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Bama's first four offensive possessions resulted in three punts and a fumble. Once UGA started to give way in the second quarter, though, it was like pushing a boulder down a hill. Beginning with 5:04 to play before the half, five of the Crimson Tide's final seven drives resulted in points, via four touchdowns and a field goal. On those five drives, they ran 25 plays for 303 yards. Of those 25 plays, 22 were carries by Eddie Lacy and T.J. Yeldon, for 243 yards – a little more than 80 percent of the total, on more than 11 yards per carry. For the game, Lacy and Yeldon combined for 334 and three touchdowns on 7.4 per carry, and Alabama amassed a 15-minute edge in time of possession. On the rare nights that Nick Saban allows himself to dream of offense, this is what he sees: A squad of alpha mashers seizing huge chunks of territory at will, by sheer primal force. They may have been lining up across from nine future draft picks on Georgia's defense, ten, pick your number. Saban's Death Star is going to play for another national title because, offensively, it was the best version yet of what it was built to be.
Williams paced the sidelines over and over and over, a trainer shadowing his every move. He wiggled his knee and tucked down into a three-point stance and pushed off. He took two swigs of Gatorade, grabbed his helmet and found his position coach on the edge of the field. He was going in, even if it was on one good knee or none at all. UA defensive line coach Chris Rumph tried to put Williams' attitude into words: "That unbelievable toughness from Down Under." A few minutes later Williams came on as an extra blocker on offense. His big body and even bigger presence was needed. He lined up at fullback and rose out of his crouch at the snap, barreling headlong into the defensive line. Eddie Lacy, Alabama's starting tailback who has dealt with turf toe all season, followed his embattled teammate into the end zone to give his team the lead. That's the way it would go in Atlanta -- the wounded Crimson Tide fighting back and overcoming a season of bumps and bruises to beat Georgia 32-28 to win the SEC championship.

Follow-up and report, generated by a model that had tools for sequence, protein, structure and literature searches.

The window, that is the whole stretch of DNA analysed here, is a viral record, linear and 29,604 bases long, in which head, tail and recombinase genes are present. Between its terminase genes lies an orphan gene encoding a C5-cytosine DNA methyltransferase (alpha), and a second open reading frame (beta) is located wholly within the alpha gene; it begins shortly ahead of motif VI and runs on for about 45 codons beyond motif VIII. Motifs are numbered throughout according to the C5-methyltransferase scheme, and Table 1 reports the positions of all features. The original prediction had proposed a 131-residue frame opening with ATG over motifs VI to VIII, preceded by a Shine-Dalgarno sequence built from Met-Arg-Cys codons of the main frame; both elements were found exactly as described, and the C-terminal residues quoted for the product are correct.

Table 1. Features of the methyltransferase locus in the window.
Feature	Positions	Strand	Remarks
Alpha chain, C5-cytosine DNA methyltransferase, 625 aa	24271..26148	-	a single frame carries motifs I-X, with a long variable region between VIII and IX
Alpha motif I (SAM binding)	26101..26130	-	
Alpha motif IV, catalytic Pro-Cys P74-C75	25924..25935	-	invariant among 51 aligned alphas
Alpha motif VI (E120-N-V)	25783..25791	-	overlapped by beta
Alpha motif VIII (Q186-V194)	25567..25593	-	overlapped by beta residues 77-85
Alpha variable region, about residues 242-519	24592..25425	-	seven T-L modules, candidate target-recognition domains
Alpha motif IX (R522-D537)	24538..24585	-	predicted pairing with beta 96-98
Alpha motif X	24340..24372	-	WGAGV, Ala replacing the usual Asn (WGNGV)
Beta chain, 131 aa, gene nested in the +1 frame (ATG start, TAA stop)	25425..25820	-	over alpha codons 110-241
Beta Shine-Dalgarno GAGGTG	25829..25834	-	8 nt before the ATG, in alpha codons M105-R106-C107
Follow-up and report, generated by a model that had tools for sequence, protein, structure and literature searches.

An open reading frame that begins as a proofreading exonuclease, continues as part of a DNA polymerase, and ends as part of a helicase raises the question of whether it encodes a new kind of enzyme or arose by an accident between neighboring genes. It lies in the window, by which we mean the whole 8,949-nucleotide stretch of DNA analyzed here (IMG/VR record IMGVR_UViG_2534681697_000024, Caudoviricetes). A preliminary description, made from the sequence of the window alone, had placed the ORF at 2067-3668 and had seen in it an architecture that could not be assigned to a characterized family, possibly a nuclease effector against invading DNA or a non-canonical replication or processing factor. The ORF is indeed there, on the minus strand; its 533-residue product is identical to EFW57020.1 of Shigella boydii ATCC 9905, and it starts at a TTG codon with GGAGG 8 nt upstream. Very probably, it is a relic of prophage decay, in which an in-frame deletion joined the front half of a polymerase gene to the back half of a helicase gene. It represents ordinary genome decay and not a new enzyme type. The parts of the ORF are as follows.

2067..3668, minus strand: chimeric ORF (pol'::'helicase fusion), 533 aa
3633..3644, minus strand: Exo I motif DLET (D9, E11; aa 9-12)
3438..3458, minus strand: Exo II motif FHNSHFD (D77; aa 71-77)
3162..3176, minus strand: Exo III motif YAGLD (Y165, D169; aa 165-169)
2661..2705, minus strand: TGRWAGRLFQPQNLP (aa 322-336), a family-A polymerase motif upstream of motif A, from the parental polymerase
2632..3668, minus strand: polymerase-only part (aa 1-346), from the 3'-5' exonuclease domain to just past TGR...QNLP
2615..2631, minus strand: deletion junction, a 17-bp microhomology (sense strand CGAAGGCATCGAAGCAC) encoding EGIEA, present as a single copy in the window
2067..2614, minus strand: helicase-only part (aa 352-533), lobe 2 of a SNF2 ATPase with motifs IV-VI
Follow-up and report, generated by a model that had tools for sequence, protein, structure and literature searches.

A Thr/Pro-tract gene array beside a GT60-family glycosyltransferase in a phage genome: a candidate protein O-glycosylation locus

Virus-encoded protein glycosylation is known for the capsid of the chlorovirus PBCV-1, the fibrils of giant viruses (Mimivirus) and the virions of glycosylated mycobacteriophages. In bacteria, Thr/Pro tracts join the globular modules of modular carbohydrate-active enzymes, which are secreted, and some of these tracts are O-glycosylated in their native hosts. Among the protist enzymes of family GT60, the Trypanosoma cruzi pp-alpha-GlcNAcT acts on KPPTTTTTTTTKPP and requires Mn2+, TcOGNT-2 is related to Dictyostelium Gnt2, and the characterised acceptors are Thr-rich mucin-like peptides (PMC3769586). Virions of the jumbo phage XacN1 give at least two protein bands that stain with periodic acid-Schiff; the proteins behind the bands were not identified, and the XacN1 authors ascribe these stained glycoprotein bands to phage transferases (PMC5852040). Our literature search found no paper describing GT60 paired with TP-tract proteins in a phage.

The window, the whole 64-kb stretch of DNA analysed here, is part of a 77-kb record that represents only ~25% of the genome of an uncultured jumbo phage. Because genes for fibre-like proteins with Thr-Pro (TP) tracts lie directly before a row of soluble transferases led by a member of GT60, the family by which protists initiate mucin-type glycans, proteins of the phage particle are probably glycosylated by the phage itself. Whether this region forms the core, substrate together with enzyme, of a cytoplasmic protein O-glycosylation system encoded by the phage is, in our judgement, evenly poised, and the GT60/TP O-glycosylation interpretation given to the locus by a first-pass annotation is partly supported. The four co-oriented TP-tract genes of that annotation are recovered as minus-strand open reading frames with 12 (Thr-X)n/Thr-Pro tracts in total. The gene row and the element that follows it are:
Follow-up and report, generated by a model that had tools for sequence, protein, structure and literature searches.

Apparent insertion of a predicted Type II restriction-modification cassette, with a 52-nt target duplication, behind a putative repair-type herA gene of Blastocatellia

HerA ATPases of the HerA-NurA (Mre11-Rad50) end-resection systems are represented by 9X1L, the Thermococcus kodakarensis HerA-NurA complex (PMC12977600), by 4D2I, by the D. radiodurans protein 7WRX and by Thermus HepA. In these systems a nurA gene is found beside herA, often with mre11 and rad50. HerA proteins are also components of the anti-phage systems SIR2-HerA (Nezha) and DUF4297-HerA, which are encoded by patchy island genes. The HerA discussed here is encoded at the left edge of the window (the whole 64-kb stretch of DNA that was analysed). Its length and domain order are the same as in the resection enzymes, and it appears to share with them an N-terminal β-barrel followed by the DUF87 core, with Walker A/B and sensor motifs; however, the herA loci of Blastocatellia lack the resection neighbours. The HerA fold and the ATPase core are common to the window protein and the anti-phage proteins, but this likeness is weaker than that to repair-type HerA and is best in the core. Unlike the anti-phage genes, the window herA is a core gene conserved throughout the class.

In a world full of spread-the-field, hurry-up offenses, Alabama is a bastion of traditional football. The Tide put its no-frills muscle on display Saturday, mashing Georgia with 350 yards rushing, behind tailbacks Eddie lacy and T.J. Yeldon. The Tide has been more potent offensively this season than last to make up for a defense that has slipped, but only a bit. Alabama leads the nation in total defense (246 yards per game) and is second in points allowed (10.7 per game). When Kelly was hired at Notre Dame three years ago, he looked at Alabama and the SEC, which has won six straight BCS titles, and decided the Irish needed to play like that. Kelly built his reputation and winning teams at previous stops on fast-paced spread offenses. In South Bend, Ind., he has put the fight back in the Irish, who have won eight AP national titles - only Alabama has as many - but none since 1988.
Offense is in, but defense is still what it takes to win big. That's the lesson of college football's 2012 season. For the fourth straight year, scoring rose during the regular season — with FBS schools averaging 29.6 points per game. That's up from 28.3 per game last season, from 27 in 2009. Despite all of the pass-happy, fast-paced fun, those atop the BCS standings paint a far different picture of what it takes to be successful. Notre Dame, Alabama and Florida are Nos. 1, 2 and 3 in the BCS standings, and they also fall into that same order in another category — points allowed.
Kelly sounded a lot like Saban as he discussed how the Irish blocked out the BCS distractions during the final month of their season. "We're totally committed to the week-to-week process of preparing our team. We avoid the noise as best we can on a day to day basis and really focus on ourselves and how we play the game on Saturday. That's out there, but we've done a great job of just staying focused. We really don't pay attention to those other things."